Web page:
# The irrationality of rapidly converging series

I recently saw a pretty elegant proof of the irrationality of $e$, namely:

Let $s_n:=\sum_{k=0}^{n}{\frac{1}{k!}}$ such that $e=\lim_{n\to\infty} s_n$. We obviously have $s_n<e$ and furthermore $e=s_n+\frac{1}{(n+1)!}+\frac{1}{(n+2)!}+...=s_n+\frac{1}{n!}\left(\frac{1}{(n+1)}+\frac{1}{(n+1)(n+2)}+...\right)<s_n+\frac{1}{n!}\left(\frac{1}{(n+1)}+\frac{1}{(n+1)^2}+...\right)=s_n+\frac{1}{n!n}$. Therefore, we have $n!s_n<n!e<n!s_n+\frac{1}{n}$. If $e$ was rational, then $e=\frac p q$ for $p,q\in\mathbb N$. But since we can choose $n$ arbitrarily high we can assume $n>q$. Then the numbers $n!s_n$ and $n!e$ are clearly integers and we get $n!s_n<n!e<n!s_n+\frac{1}{n}≤n!s_n+1$, contradiction.

I adapted this proof to show the irrationality of numbers like $\sum_{k=0}^{\infty} \frac{1}{2^{n^2}}$ which for me raised the following question: This kind of proof seems to be working well with rapidly converging series. Can there be said anything rigorous about the irrationality of such series in order to justify this observation?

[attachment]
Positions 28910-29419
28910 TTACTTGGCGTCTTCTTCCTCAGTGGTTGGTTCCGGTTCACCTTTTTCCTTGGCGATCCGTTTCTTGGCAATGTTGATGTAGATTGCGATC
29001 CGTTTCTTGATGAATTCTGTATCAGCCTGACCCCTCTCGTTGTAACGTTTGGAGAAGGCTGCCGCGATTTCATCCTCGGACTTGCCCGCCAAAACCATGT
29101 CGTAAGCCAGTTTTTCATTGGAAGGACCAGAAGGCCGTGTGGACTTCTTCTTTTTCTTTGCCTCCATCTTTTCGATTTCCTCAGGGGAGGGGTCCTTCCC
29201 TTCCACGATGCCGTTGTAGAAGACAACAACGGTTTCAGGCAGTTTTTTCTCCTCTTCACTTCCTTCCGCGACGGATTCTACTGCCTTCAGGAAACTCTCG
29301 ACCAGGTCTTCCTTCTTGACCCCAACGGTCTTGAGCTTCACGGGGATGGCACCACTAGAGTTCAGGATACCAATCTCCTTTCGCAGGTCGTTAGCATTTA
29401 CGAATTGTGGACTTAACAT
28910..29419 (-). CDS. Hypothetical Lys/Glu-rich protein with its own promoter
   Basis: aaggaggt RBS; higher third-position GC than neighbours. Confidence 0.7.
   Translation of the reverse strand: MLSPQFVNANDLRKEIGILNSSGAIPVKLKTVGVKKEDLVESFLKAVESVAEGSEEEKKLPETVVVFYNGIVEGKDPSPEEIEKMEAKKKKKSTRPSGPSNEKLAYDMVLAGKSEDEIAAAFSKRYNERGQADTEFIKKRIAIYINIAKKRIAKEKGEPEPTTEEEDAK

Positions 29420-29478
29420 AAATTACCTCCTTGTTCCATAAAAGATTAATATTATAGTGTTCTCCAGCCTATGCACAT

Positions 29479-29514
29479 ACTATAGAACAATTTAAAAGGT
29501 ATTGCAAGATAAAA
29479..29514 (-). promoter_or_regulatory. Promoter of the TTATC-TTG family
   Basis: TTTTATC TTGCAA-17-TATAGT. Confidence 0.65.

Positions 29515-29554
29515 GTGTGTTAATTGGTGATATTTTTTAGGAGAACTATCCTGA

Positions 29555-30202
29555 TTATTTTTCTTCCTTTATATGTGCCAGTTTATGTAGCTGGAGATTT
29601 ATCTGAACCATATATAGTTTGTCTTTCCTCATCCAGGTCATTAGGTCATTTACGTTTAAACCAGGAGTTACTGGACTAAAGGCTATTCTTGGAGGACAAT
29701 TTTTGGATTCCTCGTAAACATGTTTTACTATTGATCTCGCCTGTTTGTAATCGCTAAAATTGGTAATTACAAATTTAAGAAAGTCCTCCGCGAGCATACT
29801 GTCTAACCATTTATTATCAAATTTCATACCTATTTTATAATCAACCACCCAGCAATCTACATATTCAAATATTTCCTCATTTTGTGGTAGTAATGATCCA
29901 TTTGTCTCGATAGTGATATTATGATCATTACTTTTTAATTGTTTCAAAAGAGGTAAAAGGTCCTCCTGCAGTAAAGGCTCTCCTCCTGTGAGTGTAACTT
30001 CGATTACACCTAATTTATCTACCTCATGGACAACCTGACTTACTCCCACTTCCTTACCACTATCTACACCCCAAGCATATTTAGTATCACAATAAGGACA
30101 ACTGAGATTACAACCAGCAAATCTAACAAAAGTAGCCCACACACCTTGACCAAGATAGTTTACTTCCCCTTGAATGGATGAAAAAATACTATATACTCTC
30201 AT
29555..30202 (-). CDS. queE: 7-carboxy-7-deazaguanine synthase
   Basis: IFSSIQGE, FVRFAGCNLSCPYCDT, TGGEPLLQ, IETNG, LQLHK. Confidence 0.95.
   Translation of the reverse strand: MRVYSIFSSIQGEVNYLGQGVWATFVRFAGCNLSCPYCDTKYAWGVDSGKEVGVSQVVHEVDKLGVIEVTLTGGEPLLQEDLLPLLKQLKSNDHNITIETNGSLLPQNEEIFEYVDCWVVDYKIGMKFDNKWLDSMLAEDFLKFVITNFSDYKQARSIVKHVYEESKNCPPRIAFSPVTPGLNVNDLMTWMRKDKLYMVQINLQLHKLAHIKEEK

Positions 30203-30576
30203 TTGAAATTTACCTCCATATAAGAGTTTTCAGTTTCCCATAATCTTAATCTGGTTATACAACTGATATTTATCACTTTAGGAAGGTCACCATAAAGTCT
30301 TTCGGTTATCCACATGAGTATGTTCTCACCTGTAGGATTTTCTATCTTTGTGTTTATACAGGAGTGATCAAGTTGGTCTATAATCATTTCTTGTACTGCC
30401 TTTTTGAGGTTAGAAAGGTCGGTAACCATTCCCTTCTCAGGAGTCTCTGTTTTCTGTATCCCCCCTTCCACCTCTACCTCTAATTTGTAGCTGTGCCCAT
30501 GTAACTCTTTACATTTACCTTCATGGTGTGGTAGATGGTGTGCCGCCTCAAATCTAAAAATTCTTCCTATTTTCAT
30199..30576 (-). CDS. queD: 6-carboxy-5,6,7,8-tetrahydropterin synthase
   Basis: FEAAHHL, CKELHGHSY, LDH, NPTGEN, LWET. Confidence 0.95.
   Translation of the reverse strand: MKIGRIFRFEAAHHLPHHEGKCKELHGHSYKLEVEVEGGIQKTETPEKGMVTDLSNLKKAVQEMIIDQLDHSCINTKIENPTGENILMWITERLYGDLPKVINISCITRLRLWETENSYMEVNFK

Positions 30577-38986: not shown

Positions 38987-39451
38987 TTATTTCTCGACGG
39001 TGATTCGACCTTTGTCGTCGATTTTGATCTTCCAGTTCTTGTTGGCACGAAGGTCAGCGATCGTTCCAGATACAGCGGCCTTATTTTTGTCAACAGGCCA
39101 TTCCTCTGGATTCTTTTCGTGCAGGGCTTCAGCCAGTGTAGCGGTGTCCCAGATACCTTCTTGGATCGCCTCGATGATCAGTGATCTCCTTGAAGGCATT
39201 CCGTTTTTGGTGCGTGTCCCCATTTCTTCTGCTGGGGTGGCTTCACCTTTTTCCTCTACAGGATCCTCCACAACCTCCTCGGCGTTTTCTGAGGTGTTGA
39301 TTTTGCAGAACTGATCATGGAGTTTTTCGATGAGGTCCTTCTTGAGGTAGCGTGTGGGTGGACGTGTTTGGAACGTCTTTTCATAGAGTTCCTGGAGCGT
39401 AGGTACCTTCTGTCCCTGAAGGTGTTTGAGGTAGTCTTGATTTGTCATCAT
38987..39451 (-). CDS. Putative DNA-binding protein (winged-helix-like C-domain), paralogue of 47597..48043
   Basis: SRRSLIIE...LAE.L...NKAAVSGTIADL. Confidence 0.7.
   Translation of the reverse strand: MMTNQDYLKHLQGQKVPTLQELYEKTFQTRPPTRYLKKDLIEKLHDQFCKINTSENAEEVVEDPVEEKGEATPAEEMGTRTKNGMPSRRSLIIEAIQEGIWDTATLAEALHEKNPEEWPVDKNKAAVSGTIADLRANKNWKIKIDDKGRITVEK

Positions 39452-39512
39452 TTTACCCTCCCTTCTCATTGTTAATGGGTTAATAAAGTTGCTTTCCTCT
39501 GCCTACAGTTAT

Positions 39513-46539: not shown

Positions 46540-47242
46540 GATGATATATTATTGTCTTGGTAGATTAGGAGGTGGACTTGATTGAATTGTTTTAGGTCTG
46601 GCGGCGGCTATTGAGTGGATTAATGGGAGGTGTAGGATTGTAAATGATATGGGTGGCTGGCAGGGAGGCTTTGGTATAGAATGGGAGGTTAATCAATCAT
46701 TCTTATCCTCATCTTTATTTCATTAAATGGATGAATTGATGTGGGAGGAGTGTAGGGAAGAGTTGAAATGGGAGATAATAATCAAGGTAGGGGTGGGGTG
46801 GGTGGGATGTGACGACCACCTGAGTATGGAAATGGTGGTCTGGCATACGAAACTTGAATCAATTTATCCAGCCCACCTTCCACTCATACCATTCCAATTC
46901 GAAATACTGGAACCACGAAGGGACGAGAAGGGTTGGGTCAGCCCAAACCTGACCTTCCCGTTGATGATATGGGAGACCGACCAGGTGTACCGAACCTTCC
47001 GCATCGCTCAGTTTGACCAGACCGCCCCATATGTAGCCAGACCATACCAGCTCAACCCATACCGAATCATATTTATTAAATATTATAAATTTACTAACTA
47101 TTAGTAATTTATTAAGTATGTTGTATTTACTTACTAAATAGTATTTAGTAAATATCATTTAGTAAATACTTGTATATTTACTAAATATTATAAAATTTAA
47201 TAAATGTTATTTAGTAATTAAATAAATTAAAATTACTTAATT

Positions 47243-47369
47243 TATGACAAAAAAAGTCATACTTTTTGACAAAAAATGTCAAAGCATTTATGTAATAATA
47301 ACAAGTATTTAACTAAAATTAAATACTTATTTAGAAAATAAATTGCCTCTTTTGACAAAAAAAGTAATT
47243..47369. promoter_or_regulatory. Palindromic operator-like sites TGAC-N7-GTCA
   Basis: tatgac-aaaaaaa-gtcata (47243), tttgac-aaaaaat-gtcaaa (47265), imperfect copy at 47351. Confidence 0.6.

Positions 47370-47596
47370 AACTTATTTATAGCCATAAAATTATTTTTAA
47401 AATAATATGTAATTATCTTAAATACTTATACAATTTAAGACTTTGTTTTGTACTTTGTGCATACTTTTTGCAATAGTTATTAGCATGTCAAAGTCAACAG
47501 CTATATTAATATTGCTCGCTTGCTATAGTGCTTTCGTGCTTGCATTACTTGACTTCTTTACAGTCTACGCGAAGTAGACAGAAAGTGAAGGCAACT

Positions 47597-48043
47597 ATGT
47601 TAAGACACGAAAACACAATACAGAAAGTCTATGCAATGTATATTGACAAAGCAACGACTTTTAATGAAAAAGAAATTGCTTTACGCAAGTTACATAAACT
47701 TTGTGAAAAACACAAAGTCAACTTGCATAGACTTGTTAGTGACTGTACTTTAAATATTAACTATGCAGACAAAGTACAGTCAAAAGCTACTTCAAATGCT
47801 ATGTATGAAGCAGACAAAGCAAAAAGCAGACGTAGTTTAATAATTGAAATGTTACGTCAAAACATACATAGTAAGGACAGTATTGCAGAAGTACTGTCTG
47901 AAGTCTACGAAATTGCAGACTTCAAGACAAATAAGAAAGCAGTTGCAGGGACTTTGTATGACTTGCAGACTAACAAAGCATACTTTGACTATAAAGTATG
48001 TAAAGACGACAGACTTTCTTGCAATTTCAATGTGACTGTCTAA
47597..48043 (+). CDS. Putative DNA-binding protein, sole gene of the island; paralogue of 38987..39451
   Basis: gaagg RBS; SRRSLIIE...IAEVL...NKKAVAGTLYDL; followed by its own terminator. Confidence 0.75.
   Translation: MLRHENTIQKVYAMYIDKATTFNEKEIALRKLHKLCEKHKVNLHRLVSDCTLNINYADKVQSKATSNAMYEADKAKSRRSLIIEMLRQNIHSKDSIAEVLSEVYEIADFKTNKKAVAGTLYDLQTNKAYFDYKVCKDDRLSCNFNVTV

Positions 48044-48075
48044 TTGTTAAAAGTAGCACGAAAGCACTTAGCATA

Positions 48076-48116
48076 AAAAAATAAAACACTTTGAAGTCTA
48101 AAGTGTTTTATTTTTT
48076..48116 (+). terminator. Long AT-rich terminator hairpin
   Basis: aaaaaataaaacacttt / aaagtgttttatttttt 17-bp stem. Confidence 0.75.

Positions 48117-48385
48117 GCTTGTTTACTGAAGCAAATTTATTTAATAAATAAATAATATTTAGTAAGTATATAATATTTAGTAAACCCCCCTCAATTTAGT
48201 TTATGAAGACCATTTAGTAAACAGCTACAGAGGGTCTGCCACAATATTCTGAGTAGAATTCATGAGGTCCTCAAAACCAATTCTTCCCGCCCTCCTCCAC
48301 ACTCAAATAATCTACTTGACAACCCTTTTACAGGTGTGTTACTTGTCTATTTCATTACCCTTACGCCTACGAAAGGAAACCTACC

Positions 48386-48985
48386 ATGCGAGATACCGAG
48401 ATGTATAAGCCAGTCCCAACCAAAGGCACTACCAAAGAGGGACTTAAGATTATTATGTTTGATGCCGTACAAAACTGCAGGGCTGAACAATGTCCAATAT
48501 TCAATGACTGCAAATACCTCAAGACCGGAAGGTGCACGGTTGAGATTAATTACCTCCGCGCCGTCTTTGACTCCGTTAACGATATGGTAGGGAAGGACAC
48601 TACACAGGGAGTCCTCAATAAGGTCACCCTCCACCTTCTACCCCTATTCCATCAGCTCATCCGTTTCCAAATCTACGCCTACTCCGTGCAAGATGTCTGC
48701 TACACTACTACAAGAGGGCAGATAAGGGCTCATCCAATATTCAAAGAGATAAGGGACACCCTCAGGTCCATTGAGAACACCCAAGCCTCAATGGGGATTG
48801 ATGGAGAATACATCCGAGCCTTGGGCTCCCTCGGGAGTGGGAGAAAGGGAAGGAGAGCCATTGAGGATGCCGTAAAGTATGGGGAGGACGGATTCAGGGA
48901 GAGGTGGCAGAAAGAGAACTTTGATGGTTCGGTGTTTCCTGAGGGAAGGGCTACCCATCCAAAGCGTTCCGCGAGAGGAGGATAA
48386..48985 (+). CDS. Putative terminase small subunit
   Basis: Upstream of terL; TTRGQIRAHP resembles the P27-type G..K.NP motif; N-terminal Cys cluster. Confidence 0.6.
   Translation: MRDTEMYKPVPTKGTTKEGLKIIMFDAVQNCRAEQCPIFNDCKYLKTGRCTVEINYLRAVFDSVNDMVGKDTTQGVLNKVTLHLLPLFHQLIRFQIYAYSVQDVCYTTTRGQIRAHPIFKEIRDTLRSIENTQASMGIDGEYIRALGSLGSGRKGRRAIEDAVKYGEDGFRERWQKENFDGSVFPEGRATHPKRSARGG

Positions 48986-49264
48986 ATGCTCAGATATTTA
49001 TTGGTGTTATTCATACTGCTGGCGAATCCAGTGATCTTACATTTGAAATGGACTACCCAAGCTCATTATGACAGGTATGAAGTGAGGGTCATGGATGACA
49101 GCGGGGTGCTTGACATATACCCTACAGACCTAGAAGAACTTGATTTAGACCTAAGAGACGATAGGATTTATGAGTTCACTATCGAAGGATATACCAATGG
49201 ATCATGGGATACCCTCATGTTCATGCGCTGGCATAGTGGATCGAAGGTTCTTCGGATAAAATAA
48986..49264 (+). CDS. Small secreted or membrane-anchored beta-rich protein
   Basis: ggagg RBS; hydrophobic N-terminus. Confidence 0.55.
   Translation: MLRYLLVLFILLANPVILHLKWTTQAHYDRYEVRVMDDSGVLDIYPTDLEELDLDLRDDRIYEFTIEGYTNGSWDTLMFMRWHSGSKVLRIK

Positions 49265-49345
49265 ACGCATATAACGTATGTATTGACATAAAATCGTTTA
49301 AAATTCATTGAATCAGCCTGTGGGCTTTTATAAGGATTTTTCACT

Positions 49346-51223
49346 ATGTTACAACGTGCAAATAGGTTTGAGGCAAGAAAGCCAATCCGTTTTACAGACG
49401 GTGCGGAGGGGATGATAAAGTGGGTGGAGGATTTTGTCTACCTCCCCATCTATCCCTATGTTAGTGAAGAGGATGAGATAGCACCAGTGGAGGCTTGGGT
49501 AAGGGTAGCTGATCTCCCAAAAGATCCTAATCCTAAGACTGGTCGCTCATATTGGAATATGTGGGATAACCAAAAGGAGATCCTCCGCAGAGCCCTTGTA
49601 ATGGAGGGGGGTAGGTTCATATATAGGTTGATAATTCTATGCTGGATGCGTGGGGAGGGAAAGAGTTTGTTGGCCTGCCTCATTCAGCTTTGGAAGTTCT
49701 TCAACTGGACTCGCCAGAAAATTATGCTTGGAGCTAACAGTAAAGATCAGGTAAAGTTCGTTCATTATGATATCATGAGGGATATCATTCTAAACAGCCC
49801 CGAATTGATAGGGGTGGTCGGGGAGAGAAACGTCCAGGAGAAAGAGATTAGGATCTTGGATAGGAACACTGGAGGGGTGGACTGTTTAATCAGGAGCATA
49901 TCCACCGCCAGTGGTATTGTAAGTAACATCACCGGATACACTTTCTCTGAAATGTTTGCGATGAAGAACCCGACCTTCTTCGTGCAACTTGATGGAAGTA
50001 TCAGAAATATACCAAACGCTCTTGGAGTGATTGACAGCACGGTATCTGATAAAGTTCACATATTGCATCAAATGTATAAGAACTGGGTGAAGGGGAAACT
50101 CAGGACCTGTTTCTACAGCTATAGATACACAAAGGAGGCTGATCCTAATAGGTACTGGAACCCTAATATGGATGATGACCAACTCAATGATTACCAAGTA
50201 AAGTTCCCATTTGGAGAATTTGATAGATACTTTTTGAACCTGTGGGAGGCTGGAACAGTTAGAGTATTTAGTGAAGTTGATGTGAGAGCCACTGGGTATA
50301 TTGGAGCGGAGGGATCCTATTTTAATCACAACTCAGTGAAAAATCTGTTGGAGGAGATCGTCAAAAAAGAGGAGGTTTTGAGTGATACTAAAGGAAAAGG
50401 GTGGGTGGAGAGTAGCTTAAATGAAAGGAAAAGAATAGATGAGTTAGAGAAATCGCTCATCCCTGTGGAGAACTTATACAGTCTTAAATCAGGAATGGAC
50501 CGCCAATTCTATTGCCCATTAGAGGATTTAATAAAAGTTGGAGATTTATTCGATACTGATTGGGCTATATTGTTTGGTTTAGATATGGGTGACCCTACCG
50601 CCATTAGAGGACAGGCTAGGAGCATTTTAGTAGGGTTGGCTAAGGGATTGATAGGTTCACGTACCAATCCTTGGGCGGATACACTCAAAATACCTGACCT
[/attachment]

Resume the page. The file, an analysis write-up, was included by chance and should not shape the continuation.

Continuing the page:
I would say that $\sum_0^\infty \frac{1}{n!}$ is irrational for a "different" reason than $\sum_0^\infty \frac{1}{2^{n^2}}$, and rapidity of convergence is not the full reason for the irrationality of either sum.
Let $a_0,a_1,a_2,a_3,\dots$ be a sequence of rationals that is very rapidly converging to $0$. Let $b_i=a_{i}-a_{i+1}$. Then the sequence $b_0,b_1,b_2, b_3,\dots$ converges very rapidly to $0$, and yet $\sum_{i=0}^\infty b_i$ is, by telescoping, equal to the rational $a_0$.